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Is Ukraine a democracy?

Flag of Ukraine alongside flag of United States

The flag of Ukraine stands alongside the American flag at a meeting between Defense Secretary Lloyd Austin and Foreign Minister Dmytro Kuleba on Tuesday.

Alex Wong/Getty Images

As Russian military forces enter Ukraine, Western nations are taking steps to “defend democracy” from an authoritarian regime.

But what exactly are the United States, Germany and other Western powers trying to protect? According to leading analysts of global democracy, Ukraine’s government does not measure up as a healthy democracy. Of course, that is not a justification for abandoning a sovereign nation.

After all, the United States does not earn top marks either.


“The American people understand that defending democracy and liberty is never without cost,” President Biden said recently, regarding the United States’ role in protecting Ukraine.

However, the Economist Intelligence Unit, which recently released its 2021 Democracy Index, doesn’t even consider Ukraine either a full or flawed democracy. Rather, Ukraine falls into the “hybrid regime” bucket, tied for 86th place with Mexico in the democracy rankings. (The United States ranks 26th, making it a “flawed democracy.”)

Ukraine ranks 17th in Eastern Europe, five spots ahead of Russia but with a significant gap in their scores.

Ukraine is a republic, with a president chosen by popular election, a prime minister appointed by the president and confirmed by the legislature, a unicameral legislature that’s a mix of single-seat and proportional representation, and a Supreme Court that is appointed by the president.

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While Ukraine performs very well in regard to its electoral process, according to the EIU, its overall score is dragged down by a poorly functioning government — which the researchers tied to the looming Russian threat.

“Government functioning under a direct military threat usually restricts democratic processes in favour of the centralisation of power in the hands of the executive and the security or military apparatus with the aim of guaranteeing public safety,” the report states. “In Ukraine, the military played a more prominent role in 2021 and exerted more influence over political decision-making; government policy also became less transparent.”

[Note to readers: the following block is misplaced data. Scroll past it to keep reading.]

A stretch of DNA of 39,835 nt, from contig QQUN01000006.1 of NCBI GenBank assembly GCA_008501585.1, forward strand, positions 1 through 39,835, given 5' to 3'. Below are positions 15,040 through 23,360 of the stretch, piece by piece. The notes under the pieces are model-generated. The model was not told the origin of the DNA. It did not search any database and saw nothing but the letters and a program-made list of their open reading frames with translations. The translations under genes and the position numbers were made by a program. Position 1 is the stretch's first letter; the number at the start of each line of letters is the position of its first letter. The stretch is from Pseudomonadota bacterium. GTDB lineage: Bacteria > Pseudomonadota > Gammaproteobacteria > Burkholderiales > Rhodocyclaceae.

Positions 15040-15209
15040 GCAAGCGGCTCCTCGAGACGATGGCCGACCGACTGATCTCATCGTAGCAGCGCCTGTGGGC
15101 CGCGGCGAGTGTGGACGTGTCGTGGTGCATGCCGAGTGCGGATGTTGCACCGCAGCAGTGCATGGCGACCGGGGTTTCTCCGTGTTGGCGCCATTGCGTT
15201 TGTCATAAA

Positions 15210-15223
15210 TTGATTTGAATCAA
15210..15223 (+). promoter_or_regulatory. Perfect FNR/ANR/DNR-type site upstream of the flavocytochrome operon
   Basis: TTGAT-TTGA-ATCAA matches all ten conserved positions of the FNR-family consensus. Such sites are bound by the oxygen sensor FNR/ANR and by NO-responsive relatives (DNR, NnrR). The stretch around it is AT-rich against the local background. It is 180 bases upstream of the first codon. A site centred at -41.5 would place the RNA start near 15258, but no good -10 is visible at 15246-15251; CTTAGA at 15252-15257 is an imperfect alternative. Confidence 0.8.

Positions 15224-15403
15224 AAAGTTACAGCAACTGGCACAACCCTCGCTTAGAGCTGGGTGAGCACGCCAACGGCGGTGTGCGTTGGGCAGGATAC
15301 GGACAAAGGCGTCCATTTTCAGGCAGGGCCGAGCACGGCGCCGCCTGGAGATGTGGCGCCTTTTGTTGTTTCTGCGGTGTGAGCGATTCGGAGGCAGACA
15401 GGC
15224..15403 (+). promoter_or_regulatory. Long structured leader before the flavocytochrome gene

Similarly, Transparency International, which annually ranks 180 countries based on perceived corruption, gives Ukraine poor marks. The latest version of the Corruption Perceptions Index ranks Ukraine 122nd, with a score of 32 out 100 (where a lower score indicates more public-sector corruption).

The United States, by comparison, performs better but fell out of the top 25 this year with a score of 67.

Transparency International combines Eastern Europe and Central Asia into one region — the second lowest, on average, in the CPI.

“In Central Asia, many political leaders used COVID-19 as a smokescreen to introduce new restrictions on rights and accountability during the last year, while populist governments in Eastern Europe have severely cracked down on the freedoms of expression and assembly needed to call out corruption,” according to the CPI researchers. “Across the region, authoritarian regimes spied on, intimidated and attacked activists, journalists, opposition leaders and ordinary citizens.”

A third organization, Freedom House, is expected to release its annual “Freedom in the World” report this week. Last year, Freedom House considered Ukraine “partly free,” earning a score of 60 out of 100 (down 2 points from the previous year). The country’s total was dragged down by the political influence of Russia and Ukrainian oligarchs, rampant corruption, a severe lack of transparency, and restrictions on civil liberties.

(The United States was considered a “free” country, with a score of 83 out 100 in the 2021 report, although that total continued a decade-long decline.)

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